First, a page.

Wallanding Creek

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Wallanding Creek Canyoneering Canyoning Caving
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Wallanding Creek Banner.jpg

Difficulty:3C II (v3a3 III)
Raps:‌3-5, max ↨60ft
Overall:3-4.5h ⟷1.3mi
Approach:30min ⟷0.7mi ↑230ft
Descent:2-3h ⟷0.3mi ↓200ft
Exit:30-45min ⟷0.4mi ↑530ft
Red Tape:No permit required
Shuttle:Optional 0.5mi
Condition Reports:
13 Sep 2023

"We did an "after" season trip on our way to Gifford-Pinchot. Low water and late day made for extremely underwhelming conditions. Although I still argu

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Best season:


Wallanding Creek features an impressive short slot canyon that has several in-the-flow rappels, three jumps up to 20 feet and one potential 15 foot waterslide. On one rappel, you'll experience a towering chockstone with a cave, draping ferns, and mirrored waterfalls which converge in a three feet wide crack. The crux rappel is another narrow crack with overhead water. Short and convenient to combine with other short canyons in the area for a double header. Watch for dirt bikes on the road.

  • Update 2023: There is one bad spot on the approach road where a small landslide is partially obstructing access. High clearance 4WD or AWD required. The last mile is quite jagged and bumpy.
  • Watershed: 3mi^2. High point in the watershed is about 4200ft elevation. The drainage is south-facing.
  • If Wallanding is running too high for comfort, you might check out nearby Fisher Creek.


Park your vehicle(s) at a pullout where an overgrown logging road crosses FR 73 at 46.62573, -122.37376. Hike up FR 73 for 0.5 miles and locate a good spot to drop into the forest on your right. You will be leaving the road at roughly 2,450’ elevation. Hike down following a faint use trail through open forest. A small gulch will be on your left. About halfway down, cross over the gulch. Work your way down staying about 100 - 200 feet to the north of the gulch. It is steep and has a deep loose leaf floor that makes it slippery. About 150 feet to the north of the gulch and you will find a walk-in to a wide patio with room for the whole group to suit up. It is steep it is hard to see the walk in, but it becomes apparent as you get closer.


DCR = Down Canyon Right; DCL = Down Canyon Left. Be sure to scout all jumps first. Just because it was a great jump last year...

Head downstream a short distance to a giant logjam. Climb down under the logjam DCR to find R1.

  • R1 - 50’ from DCR unlinked bolts, going under a gigantic chockstone in the flow. Very pretty! There is a narrow slot at the bottom. Overhead water on rappel.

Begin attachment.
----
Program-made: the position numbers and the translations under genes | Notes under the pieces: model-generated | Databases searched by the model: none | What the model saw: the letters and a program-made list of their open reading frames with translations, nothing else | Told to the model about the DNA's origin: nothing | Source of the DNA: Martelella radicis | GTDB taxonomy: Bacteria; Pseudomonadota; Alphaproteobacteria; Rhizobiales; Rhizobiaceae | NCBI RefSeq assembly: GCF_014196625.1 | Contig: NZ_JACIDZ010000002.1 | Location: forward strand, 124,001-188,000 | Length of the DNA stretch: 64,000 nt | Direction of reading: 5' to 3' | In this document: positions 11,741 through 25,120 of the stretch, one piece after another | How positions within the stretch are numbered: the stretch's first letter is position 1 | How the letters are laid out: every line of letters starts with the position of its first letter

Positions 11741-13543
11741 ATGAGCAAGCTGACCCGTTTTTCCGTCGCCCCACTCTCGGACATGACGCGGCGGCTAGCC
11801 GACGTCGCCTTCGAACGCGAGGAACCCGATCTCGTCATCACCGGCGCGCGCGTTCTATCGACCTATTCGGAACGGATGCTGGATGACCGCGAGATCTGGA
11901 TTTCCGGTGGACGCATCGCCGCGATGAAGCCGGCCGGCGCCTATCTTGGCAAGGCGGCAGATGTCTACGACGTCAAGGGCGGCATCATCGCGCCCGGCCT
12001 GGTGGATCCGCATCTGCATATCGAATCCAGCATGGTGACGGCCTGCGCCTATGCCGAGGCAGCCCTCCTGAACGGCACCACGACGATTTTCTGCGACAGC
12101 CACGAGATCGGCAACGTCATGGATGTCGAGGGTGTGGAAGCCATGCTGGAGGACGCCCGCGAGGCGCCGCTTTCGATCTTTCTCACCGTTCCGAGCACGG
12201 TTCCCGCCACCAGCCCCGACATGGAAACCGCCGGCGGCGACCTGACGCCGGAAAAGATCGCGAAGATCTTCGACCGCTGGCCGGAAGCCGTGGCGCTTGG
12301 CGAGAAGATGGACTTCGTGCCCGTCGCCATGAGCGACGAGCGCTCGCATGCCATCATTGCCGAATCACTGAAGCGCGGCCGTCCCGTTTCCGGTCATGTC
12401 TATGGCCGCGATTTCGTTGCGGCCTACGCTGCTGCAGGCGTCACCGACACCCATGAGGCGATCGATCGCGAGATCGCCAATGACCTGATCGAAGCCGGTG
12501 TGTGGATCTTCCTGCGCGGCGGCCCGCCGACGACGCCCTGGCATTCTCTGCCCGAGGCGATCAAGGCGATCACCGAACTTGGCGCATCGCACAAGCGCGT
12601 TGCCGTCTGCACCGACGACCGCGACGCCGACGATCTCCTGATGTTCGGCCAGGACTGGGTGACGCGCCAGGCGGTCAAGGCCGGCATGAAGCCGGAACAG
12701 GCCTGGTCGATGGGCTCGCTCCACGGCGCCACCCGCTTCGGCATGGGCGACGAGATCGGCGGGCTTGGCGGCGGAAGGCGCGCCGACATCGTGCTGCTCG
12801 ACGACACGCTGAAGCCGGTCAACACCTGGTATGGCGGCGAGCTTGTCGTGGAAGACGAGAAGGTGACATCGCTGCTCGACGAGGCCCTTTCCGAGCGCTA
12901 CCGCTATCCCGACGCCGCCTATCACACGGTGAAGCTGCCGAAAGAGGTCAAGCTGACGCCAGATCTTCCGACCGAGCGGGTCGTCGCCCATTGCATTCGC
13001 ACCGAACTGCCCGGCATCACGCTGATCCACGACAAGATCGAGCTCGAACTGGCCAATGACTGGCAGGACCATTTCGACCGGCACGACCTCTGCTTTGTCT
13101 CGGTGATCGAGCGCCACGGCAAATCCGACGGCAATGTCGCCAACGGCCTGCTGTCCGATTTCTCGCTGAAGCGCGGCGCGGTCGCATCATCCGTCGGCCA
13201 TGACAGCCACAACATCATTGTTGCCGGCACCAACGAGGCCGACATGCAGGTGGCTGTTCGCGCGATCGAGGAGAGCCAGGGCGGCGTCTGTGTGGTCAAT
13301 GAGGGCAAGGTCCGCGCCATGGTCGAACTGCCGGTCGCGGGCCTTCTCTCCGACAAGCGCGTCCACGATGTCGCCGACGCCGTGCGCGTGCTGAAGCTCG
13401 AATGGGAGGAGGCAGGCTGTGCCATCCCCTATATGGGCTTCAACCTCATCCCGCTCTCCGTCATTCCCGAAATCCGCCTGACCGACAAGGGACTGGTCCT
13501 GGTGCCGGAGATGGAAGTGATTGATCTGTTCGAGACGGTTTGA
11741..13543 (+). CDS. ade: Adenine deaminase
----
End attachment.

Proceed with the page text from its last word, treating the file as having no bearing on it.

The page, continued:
• R2 (or J1) - 20’ from DCR unlinked bolts or 15’ jump off DCR ledge. This is a technical jump. Find the hole and notice the underwater ledge on the opposite wall.
  • R3 (and J2) - 35’ from DCR unlinked bolts. This is the crux of the canyon where all the water funnels through a v-shaped undercut chute that is roughly 3 feet wide. This section is particularly dangerous in high flow. The last section of the waterfall bells out and the rappeller must go directly in the flow with no secure footing. It is recommended to take packs off for this rappel. There is another jumping opportunity here for a jump of 10 feet.
  • DC (or J3) - At the next drop, scramble up onto a shelf DCL (may require a partner assist) and downclimb. Or jump 12’ from the obvious ledge. There is a 20 foot jump spot DCL that is slightly technical.
  • DC (or J4) - After a short boulder field, downclimb either in the low-angle crack DCR or downclimb in the middle, or jump 10’ over the waterfall into a waist-deep pool. Alternatively, rappel from a log higher up.
  • S1 - Next there is a potential waterslide consisting of 15’ of horizontal travel and a 5’ drop over a waterfall into a shallow pool. Pool may be waist deep to chest deep depending on the season. Or downclimb either side.
  • R4 - 60' from a tree high DCL, 2-tier. Or do a dirty walk around DCL. Play in the pool if it's sunny!

On the way to the exit here are a few more short downclimbs that can be bypassed on one side or the other.


Continue downcanyon a short distance to approximately 46.62809, -122.36902 where it’s possible to scramble out of the creek DCR. Look for the "stone stairs" DCR. Exit was flagged in June 2023. Go up the stairs and hike directly uphill following the use trail gaining about 500ft in largely open forest. The going is steep at first, but straightforward. When the terrain mellows out, bear left south to pick up an overgrown logging grade - follow the grade southwest about 0.2mi on a gentle traverse back to your vehicle(s); alternatively, continue directly up to the approach road for a clean road entry and hike down about 500 feet to the vehicles.

  • Wallanding Exit and stone stairs
  • Red tape


    Beta sites

    Trip reports and media

    Facebook Album - First Descent on June 2, 2018


    The canyon was first scouted on May 12, 2018 by Sid Creutz, Gilly Elor, Haruka Lipscomb, Ryan Ernst, and Tiffanie Lin where they explored the section of creek just below the confluence of Tumble and Wallanding and up to about 1700' on Wallanding Creek.

    The first descent of Wallanding Creek occurred on June 2, 2018 by Barry Specht, Ryan Ernst, Haruka Lipscomb, and Tiffanie Lin. They dropped in about 2400', became quickly excited at the polished bedrock and beautiful pools, and slowly became disillusioned when the never ending slippery rock and lack of rappels continued and began chipping away at their souls. They were about to throw in the towel and call it failed FD until the canyon turned, walls suddenly grew, and the slot appeared.


    Information provided by automated processes. KML map by (unknown). Main photo by (unknown). Authors are listed in chronological order.

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